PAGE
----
IGNACIO – The Southern Ute Indian Tribe opened its doors to Durango city councilors and staff on Tuesday for the quarterly joint meeting between the two governments.
Staff reviewed projects like the development of Durango-La Plata County Airport’s terminal expansion project and future development plans for La Posta Road.
Durango-La Plata County Airport aviation director Tony Vicari said the city and its architectural team are collaborating with the Southern Ute Indian Tribe to host art depicting Southern Ute culture and history in high visibility areas of the airport, where half a million travelers pass through every year.
Tribal Council member Linda Baker, who serves on a design review committee for both phases of the terminal expansion project at DRO, said the committee is in touch with other tribal departments regarding plans to display art in the airport.
Vicari said the city has identified two “premium placed large scale display locations,” one in baggage claim and another past the screening checkpoint adjacent to concessions in the main concourse.
“Our intention is the Tribe will be able to utilize those spaces to depict whatever you feel appropriate in terms of cultural representation at the airport,” he said.
Tribal Councilor Marge Barry said she’s visited various airports around the country and has seen other displays of Indigenous art and people that impressed her. She asked Vicari if he is familiar with Indigenous art displayed at other airports.
Vicari said he’s aware of a number of examples, and the city’s architectural team has worked on Indigenous art projects in other airports.
“They’ve got some good experience about some things that worked and some things that haven’t. We feel like we’re well teed up to execute this well,” he said. “ … The two locations we’ve identified are about as high profile as you can get in the new terminal building. The intent is to build in case work and display work that allows for a really good blank slate for future collaboration with the Tribe to figure out how to curate that.”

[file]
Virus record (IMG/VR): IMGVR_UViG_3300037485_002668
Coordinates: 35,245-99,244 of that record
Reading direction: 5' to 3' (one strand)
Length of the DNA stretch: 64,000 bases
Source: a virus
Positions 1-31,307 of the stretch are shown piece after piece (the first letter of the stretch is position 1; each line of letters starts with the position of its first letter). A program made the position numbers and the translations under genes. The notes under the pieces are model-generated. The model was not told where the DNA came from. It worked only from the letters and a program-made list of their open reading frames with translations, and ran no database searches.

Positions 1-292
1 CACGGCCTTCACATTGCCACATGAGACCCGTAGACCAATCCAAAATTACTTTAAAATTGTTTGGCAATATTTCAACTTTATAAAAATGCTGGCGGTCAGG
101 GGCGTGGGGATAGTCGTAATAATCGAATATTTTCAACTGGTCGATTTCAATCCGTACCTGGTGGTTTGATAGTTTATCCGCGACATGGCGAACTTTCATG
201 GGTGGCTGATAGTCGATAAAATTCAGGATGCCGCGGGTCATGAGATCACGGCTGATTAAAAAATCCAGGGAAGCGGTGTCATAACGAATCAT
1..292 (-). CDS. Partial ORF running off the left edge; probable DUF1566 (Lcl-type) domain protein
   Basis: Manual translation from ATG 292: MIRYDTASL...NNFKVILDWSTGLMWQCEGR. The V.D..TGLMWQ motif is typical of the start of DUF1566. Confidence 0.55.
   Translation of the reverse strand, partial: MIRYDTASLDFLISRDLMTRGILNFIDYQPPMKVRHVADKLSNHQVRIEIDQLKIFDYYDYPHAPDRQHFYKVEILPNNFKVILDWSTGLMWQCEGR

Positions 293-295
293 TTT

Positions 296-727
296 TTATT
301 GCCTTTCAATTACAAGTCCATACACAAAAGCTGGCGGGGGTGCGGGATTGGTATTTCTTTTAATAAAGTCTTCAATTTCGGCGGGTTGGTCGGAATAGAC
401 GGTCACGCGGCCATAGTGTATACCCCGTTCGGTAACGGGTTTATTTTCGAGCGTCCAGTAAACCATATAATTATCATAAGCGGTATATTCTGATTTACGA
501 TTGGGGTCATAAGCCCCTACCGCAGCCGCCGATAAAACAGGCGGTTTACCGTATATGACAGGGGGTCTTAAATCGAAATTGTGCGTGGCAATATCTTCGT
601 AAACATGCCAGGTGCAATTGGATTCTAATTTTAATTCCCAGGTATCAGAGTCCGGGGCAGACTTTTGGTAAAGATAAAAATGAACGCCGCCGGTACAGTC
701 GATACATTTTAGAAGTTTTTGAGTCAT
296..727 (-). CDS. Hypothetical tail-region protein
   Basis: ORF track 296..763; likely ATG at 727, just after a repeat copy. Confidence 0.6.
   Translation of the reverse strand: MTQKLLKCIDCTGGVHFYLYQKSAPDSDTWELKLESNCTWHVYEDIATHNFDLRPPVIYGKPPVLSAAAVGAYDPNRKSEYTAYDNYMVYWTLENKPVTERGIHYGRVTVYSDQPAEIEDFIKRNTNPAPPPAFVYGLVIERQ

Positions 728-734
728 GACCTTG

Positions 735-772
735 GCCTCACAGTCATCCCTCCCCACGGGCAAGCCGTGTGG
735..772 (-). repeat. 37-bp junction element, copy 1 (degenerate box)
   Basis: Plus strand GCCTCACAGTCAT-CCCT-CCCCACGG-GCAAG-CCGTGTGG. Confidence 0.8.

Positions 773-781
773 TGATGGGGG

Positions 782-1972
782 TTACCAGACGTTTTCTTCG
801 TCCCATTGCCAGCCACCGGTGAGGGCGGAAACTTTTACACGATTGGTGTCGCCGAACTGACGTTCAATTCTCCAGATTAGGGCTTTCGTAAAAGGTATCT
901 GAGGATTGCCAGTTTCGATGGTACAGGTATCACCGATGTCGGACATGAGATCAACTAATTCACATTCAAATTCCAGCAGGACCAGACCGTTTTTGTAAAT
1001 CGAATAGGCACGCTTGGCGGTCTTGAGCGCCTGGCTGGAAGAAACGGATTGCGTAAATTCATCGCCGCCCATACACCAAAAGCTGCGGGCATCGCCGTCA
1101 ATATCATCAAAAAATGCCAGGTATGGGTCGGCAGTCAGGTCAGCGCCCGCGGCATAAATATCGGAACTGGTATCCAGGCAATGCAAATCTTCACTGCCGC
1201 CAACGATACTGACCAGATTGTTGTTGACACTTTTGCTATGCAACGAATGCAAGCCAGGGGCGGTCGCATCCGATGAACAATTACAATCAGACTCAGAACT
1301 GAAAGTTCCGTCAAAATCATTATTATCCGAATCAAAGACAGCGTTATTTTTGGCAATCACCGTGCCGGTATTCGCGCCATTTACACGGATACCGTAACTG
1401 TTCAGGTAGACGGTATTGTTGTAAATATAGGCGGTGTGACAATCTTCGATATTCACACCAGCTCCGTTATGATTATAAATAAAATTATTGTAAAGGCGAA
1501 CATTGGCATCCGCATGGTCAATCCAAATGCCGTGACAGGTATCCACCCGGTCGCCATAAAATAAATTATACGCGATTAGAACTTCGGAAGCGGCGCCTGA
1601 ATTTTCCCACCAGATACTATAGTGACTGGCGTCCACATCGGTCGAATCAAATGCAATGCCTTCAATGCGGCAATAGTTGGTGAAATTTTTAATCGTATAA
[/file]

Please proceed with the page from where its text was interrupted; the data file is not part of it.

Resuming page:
Barry also asked Vicari if world developments such as the Israel-Hamas war are impacting domestic airfares and travel expenses.
Vicari said volatile airfares have been common in the last three decades. More recently, the COVID-19 pandemic drastically slashed demand for air travel, which brought ticket prices down. But understaffed airlines last year and this year pushed airfares to “historic highs.”
Increased jet fuel costs, which account for between one-fourth quarter and one-third of airline expenses, have also driven prices upward in recent years.
Currently, nationwide airfares have decreased by 6% to 8%, although local ticket prices have remained relatively level with 2% to 3% decreases, Vicari said.
He said the Israel-Hamas conflict has huge impacts on jet fuel prices, which leads to higher airfares. But surges in commodity pricing will likely lead to decreased demand for air travel, which could curb high prices.
“I think it’ll stop (us) from seeing really aggressive price hikes, but long story short, I don’t think travelers should anticipate any big reductions in airfares any time soon, unfortunately,” he said.
At the joint meeting between Durango and Southern Ute officials, Vicari also answered questions about water use at the airport. He said water conservation is a main point of focus as the terminal expansion project unfolds.
Tribal Chairman Melvin Baker said the Tribe has considered installing a water main from tribal land to the airport before, and Vicari said that would make for an interesting, in-depth discussion.
The Tribe also plans to perform a sweep of the land near DRO before the terminal expansion project is completed to uncover and preserve lost tribal artifacts that might be out there. Vicari said the city and La Plata County perform similar archaeological missions ahead of projects.